Total capital invested in the global hedge fund industry has recently increased to $2.97 trillion, rapidly approaching the $3 trillion milestone. In conjunction with this, hedge fund performance has improved in 2015, with the HFRI Fund Weighted Composite Index, the leading benchmark of hedge fund industry performance, outperforming US equities in 1H15 by posting a gain of +2.5% while the S&P 500 gained +1.2%. Though the magnitude of the outperformance may seem modest, it represents an important inflection point in hedge fund performance as global investors discount the ending of US Federal Reserve stimulus measures (QE) with important implications for hedge fund performance in coming years.
The historic era of US Federal Reserve quantitative easing is quickly drawing to a close, and with much speculation around the exact timing of US rate increases, asset prices appear to have largely discounted these increases across US equity markets, US dollar, gold and emerging market fixed income. The curtailment of QE measures in the US is likely to have broad implications for hedge fund performance in coming years as many of the fundamental macroeconomic drivers of hedge fund performance shift from the past five years and are allowed to return to market-clearing equilibrium levels.
Hedge fund performance is often measured against the performance of the S&P 500 as a measure of the opportunity costs of investing, though the comparative relevance of this relationship diminishes quickly upon additional scrutiny. It is worth reminding ourselves that this is primarily a comparison of convenience as the HFRI reflects exposures both long and short, as well as exposure to multiple asset classes from fixed income, currency, commodities and emerging markets to nearly every type of equity market exposure from US large-cap equities downwards. Since the vast majority of hedge fund investors have 90-95% invested in equity and fixed income exposure, allocations to alternatives are not thought of as a discrete choice between these, but a strategic complement designed to reduce portfolio exposures under periods of adverse performance or financial market stress.
Since 1990, the HFRI FWC has outperformed equity markets, with the HFRI gaining an annualized return of +10.5%, while the S&P 500 has annualized +9.5%. However, the HFRI has trailed the S&P 500 in the past five years, with the S&P 500 posting an annualized gain of +15.4%, while the HFRI has annualized a gain of only +5.0%. A decomposition of hedge fund performance from 1990-1999 (First Decade) provides some interesting insights on performance expectations for coming years through the post QE environment. In this First Decade of HFRI performance, the HFRI gained +18.3% annualized, nearly identical to the +18.2% of the S&P 500 – both impressive returns, but the HFRI significantly outperformed on a risk-adjusted basis, posting an annualized volatility of 6.9%, roughly half of the S&P 500 volatility which was +13.4%. The performance of equity markets over the past five years has mirrored the strong returns of the 1990s, although the performance drivers have been very different, with a large contribution from US Fed QE stimulus measures. As such, the relative performance of equities and fixed income (versus hedge funds) over the past five years is more a story about unusually and historically high equity-market performance and less one about low hedge fund performance, per se.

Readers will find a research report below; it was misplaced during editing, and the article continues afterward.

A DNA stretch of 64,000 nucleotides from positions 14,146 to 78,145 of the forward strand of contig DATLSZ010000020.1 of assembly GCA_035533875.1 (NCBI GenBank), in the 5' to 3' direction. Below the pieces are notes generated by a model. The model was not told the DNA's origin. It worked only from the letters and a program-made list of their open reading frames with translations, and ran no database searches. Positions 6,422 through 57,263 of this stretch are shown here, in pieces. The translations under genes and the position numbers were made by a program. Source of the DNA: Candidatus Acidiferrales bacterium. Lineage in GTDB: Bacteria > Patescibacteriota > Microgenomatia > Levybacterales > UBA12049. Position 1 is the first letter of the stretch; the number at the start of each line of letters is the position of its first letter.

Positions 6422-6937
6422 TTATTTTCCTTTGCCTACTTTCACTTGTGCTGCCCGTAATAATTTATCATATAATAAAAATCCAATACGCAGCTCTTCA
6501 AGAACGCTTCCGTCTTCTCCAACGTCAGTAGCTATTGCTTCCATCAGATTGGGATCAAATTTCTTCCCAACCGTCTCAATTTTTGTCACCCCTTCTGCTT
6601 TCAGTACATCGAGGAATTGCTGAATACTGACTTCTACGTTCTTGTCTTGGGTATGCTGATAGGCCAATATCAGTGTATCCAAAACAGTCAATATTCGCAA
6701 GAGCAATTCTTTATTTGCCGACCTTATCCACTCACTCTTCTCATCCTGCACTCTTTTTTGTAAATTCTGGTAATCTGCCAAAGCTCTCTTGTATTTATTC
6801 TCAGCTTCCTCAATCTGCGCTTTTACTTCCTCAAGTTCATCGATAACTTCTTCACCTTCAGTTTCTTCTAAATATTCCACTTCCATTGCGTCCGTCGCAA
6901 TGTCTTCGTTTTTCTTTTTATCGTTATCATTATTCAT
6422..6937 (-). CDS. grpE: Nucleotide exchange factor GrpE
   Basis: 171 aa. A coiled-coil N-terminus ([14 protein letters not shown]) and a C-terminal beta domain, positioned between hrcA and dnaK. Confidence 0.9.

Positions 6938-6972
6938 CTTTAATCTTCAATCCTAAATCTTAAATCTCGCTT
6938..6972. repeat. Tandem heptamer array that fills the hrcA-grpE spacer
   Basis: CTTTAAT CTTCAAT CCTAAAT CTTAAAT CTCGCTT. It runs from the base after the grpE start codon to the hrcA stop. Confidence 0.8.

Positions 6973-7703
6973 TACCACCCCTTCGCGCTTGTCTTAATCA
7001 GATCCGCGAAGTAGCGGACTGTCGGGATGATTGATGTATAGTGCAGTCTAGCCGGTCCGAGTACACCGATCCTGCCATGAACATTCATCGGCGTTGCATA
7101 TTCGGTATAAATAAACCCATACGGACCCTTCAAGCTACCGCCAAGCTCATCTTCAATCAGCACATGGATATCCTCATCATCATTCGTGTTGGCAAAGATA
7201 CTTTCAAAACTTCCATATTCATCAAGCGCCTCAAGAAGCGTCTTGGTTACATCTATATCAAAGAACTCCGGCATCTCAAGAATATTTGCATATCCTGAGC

While equity market performance is a significant contributor to hedge fund returns, the performance and level of bond yields – both government and corporate – also have a significant impact. US interest rates, as measured by 10 year Treasury yields, peaked in 1982 and began the 1990s around 8%, averaging over 5% for the next decade. Furthermore, US inflation averaged 5.4% throughout the 1990s, while high-yield credit ranged upwards from 600 basis points over treasury yields. Both of these are in stark contrast to persistent historically low interest rates and non-existent inflation of the present time. The gaping differential in “carry” alone between current levels and First Decade levels, even on an unlevered basis, could account for 500 basis points towards aggregate hedge fund industry on an annualized basis, a number which could be significantly higher with even modest application of leverage. The important consideration is that while both absolute performance (i.e., positive performance above zero vs. negative) and relative performance (i.e., benchmarked to equity markets) provides a certain relevant context, investors should also formulate expectations for hedge fund performance as a multiple of the risk-free rate, with expectations of being compensated for risk taking above this important threshold. Applying this logic to ex-post performance, clearly there have been many years in which realized hedge fund performance exceeded a multiple of the contemporaneous risk-free rate, both historically and recently. With risk-free rates as low as the present, even exceeding this threshold did not result in performance above the ex-post realized return in equities over the past five years.